One of the scams we’ve talked about the most almost since day one is the rental scam. That’s for good reason as it’s one of the most prolific scams on the internet. If you’re unfamiliar with how it works, it takes advantage of those who are usually desperate to find a new home. The scammers will list a property online as being eligible to rent usually at well below market prices. They’ll ask for all sorts of payments such as deposits and first month’s rent but will almost always never be available in person nor will they let you inspect the property. Once the victim pays whatever money has been requested, not only will they be out that money but they could also be homeless as well. Usually, the property advertised is one that’s for sale by a legitimate realtor. The scammers copy the ads and change a few details to make it look like it’s a steal for rent.

    For us, this is old hat that we’ve known about for years. However, even we were a little shocked to learn the actual numbers behind the scam. According to the Better Business Bureau, five million people have been the victim of some form of rental scam. That’s more people that live in the city of Los Angeles. If we say that all of those people lost an average of $1,000 to rental scammers then they would have collectively lost $5 billion. The BBB also says that a number of properties that have been used in the scam have started posting signs outside that say the property is not actually for rent.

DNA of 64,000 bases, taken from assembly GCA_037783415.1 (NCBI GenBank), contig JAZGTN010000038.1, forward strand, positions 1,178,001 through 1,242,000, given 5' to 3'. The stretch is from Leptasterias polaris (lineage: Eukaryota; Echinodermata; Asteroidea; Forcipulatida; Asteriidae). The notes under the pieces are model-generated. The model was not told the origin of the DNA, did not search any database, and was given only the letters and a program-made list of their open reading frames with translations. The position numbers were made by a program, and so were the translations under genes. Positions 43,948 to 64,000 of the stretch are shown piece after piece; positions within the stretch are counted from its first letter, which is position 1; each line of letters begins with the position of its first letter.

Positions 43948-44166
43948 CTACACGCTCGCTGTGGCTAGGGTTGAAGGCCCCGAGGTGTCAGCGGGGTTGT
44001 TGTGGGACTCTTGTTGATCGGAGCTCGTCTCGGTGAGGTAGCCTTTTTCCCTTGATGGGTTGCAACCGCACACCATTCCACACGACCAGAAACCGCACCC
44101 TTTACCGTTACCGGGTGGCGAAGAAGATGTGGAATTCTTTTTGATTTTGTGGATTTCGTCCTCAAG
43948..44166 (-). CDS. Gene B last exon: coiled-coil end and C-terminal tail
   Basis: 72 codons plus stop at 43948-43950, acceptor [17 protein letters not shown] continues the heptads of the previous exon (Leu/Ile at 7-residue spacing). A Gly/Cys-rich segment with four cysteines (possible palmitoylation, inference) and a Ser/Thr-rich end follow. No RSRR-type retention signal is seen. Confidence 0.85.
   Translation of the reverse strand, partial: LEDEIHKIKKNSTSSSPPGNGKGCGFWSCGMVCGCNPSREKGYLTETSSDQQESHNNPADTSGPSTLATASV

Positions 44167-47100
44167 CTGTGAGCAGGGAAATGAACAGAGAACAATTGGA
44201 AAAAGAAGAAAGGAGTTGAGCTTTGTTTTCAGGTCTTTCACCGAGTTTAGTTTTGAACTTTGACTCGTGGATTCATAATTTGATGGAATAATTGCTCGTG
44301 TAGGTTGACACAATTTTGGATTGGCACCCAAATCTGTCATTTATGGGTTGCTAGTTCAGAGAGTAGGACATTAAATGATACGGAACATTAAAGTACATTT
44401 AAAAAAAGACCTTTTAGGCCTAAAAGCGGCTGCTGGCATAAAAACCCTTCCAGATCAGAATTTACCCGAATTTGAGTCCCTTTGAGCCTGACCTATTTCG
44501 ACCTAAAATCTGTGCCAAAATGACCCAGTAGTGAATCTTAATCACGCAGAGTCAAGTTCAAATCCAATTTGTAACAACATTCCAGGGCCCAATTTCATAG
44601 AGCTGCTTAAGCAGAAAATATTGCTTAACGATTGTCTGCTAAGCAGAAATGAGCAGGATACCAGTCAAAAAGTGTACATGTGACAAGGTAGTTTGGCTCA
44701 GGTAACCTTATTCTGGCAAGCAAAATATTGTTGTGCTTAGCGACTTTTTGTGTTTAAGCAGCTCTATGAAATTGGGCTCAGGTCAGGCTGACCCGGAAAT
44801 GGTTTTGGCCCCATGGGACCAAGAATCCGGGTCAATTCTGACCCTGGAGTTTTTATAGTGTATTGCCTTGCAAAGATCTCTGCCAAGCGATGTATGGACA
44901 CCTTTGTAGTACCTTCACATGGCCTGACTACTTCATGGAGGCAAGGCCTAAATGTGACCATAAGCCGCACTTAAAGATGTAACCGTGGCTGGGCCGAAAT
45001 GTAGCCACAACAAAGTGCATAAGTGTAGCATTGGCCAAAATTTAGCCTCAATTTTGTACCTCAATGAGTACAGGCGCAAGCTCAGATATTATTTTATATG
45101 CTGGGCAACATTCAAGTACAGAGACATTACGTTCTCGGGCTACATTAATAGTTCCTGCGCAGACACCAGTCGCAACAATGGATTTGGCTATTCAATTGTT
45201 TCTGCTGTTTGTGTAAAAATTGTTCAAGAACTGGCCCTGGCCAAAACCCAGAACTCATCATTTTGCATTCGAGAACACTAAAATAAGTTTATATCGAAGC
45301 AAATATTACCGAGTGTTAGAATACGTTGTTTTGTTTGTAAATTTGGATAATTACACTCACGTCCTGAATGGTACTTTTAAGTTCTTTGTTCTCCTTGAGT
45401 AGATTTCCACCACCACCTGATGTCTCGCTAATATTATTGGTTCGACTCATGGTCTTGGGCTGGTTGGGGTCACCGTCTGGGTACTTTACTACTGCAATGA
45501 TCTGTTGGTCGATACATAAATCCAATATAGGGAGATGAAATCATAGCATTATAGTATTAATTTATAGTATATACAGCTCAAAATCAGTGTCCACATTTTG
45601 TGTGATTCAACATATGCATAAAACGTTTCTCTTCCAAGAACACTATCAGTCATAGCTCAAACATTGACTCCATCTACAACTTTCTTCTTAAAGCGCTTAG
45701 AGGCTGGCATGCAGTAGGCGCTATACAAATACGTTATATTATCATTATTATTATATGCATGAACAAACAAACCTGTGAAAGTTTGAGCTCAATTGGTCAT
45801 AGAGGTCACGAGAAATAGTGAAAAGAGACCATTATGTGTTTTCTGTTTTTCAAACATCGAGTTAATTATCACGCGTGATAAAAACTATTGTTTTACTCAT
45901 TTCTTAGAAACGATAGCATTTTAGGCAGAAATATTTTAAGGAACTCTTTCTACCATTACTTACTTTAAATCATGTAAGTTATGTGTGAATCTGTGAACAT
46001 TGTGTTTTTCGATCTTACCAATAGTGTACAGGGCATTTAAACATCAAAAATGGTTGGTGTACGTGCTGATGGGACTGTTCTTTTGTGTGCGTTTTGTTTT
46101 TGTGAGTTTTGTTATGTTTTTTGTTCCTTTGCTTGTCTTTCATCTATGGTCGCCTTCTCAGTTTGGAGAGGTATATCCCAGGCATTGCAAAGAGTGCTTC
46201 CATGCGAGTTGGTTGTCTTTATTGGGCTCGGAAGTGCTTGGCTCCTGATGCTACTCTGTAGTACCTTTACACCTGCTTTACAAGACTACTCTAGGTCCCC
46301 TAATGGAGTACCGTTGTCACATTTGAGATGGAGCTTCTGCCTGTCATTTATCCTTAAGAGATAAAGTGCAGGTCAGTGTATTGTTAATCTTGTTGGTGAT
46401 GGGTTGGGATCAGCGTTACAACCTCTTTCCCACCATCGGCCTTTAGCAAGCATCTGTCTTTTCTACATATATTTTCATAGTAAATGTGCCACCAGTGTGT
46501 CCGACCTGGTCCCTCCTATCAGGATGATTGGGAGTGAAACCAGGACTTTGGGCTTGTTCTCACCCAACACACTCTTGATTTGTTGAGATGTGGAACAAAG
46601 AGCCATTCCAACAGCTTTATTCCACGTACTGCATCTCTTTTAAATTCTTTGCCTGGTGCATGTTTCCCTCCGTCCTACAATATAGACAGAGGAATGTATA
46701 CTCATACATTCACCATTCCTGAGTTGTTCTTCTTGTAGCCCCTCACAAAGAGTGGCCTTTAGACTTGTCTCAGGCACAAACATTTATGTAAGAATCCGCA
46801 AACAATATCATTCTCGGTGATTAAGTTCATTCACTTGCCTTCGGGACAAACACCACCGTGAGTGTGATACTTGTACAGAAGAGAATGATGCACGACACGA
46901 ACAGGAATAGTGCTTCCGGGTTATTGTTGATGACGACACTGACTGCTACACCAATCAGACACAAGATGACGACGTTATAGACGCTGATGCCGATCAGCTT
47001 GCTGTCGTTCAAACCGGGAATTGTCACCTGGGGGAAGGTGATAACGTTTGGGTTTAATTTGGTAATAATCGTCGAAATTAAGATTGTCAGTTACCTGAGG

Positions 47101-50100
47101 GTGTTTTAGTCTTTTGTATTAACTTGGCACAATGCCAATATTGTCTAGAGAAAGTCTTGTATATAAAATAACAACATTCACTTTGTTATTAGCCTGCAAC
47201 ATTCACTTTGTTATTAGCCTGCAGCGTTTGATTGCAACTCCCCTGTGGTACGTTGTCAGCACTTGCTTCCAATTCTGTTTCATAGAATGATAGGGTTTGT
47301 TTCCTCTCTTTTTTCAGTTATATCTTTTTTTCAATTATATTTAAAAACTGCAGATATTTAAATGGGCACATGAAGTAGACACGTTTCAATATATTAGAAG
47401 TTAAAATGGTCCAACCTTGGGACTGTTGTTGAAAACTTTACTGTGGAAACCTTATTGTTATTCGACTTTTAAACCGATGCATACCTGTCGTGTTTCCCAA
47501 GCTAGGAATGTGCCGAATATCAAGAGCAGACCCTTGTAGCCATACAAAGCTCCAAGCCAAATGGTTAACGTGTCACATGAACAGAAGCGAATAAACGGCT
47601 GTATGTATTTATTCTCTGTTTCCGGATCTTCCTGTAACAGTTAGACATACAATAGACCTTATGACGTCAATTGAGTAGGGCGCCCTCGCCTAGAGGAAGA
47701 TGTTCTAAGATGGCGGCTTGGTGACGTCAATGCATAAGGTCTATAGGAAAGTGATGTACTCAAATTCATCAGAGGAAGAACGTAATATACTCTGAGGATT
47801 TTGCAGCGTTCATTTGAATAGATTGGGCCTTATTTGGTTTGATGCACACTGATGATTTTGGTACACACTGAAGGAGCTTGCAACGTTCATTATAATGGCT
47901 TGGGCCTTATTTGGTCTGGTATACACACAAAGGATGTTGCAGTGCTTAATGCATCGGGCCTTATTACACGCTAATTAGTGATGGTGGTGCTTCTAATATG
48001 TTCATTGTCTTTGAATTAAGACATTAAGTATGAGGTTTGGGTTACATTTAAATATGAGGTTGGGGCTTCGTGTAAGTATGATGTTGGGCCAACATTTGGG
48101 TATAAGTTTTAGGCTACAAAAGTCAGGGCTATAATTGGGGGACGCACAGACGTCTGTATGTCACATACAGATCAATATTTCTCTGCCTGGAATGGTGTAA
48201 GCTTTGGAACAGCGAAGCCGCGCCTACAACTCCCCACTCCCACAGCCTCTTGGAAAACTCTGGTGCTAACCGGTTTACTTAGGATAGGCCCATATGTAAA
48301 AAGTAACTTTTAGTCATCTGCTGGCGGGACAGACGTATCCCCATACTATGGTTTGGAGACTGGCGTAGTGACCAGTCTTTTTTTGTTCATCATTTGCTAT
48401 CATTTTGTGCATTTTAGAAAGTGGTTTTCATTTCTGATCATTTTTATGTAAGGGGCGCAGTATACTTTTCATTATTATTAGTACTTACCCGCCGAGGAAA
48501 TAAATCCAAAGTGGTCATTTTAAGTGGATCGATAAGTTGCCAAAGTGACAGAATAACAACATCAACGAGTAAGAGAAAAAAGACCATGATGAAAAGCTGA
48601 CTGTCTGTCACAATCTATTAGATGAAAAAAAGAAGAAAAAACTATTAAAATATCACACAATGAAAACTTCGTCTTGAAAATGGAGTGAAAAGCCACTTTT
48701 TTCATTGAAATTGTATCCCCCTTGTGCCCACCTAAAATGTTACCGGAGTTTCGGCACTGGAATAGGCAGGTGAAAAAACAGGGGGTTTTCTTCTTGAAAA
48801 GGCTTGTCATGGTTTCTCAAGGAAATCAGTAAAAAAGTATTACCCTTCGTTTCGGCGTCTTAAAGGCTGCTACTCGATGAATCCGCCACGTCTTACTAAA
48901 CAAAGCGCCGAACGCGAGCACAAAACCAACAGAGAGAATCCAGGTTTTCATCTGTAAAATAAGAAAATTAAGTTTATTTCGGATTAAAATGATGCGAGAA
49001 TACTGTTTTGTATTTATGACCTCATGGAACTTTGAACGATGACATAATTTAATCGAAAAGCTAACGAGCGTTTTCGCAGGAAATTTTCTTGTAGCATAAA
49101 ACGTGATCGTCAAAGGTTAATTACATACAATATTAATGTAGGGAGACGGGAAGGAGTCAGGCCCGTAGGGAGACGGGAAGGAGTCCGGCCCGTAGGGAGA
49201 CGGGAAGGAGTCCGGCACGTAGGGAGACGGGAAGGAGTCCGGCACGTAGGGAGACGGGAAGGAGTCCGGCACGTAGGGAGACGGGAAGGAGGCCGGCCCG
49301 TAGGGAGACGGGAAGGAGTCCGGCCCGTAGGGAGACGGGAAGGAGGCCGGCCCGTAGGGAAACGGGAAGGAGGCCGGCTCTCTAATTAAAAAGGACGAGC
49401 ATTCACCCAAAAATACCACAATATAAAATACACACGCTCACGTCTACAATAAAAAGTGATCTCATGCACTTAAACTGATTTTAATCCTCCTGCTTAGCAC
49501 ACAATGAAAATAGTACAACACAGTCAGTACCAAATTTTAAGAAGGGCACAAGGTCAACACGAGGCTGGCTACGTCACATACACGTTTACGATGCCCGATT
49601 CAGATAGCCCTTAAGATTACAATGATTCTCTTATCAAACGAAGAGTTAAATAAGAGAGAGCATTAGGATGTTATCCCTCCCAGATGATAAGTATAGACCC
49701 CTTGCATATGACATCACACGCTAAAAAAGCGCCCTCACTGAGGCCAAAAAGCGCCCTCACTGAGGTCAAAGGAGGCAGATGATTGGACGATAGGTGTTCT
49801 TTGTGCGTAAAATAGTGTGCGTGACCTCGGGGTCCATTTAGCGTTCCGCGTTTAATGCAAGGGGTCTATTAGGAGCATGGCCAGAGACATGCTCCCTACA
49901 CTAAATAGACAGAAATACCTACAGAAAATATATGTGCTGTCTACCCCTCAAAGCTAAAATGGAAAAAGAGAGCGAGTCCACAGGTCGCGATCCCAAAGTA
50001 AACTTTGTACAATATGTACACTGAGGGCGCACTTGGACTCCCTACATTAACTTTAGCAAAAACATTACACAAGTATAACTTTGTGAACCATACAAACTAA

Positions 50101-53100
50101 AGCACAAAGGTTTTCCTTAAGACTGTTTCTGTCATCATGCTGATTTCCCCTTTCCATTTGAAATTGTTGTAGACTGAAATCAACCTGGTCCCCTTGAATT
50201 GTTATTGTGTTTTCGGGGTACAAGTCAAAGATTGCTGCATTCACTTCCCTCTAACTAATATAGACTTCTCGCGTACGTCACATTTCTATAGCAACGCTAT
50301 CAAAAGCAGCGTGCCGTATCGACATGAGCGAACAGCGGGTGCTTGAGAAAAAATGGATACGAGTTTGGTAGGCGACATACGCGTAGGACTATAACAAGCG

As we previously mentioned, if a supposed landlord can’t meet you or wants you to rent the property sight unseen, it is more than likely a scam. Another red flag to look out for is a staple of the online scam and that’s the form of payment the scammer asks for. If someone claiming to rent a property asks you to make payment by wiring the money through Western Union or MoneyGram, it’s probably a scam. If they ask for payment in gift cards, we can almost guarantee that’s a scam. Both of these forms of payment allow scammers to run off with the victim’s money untraced.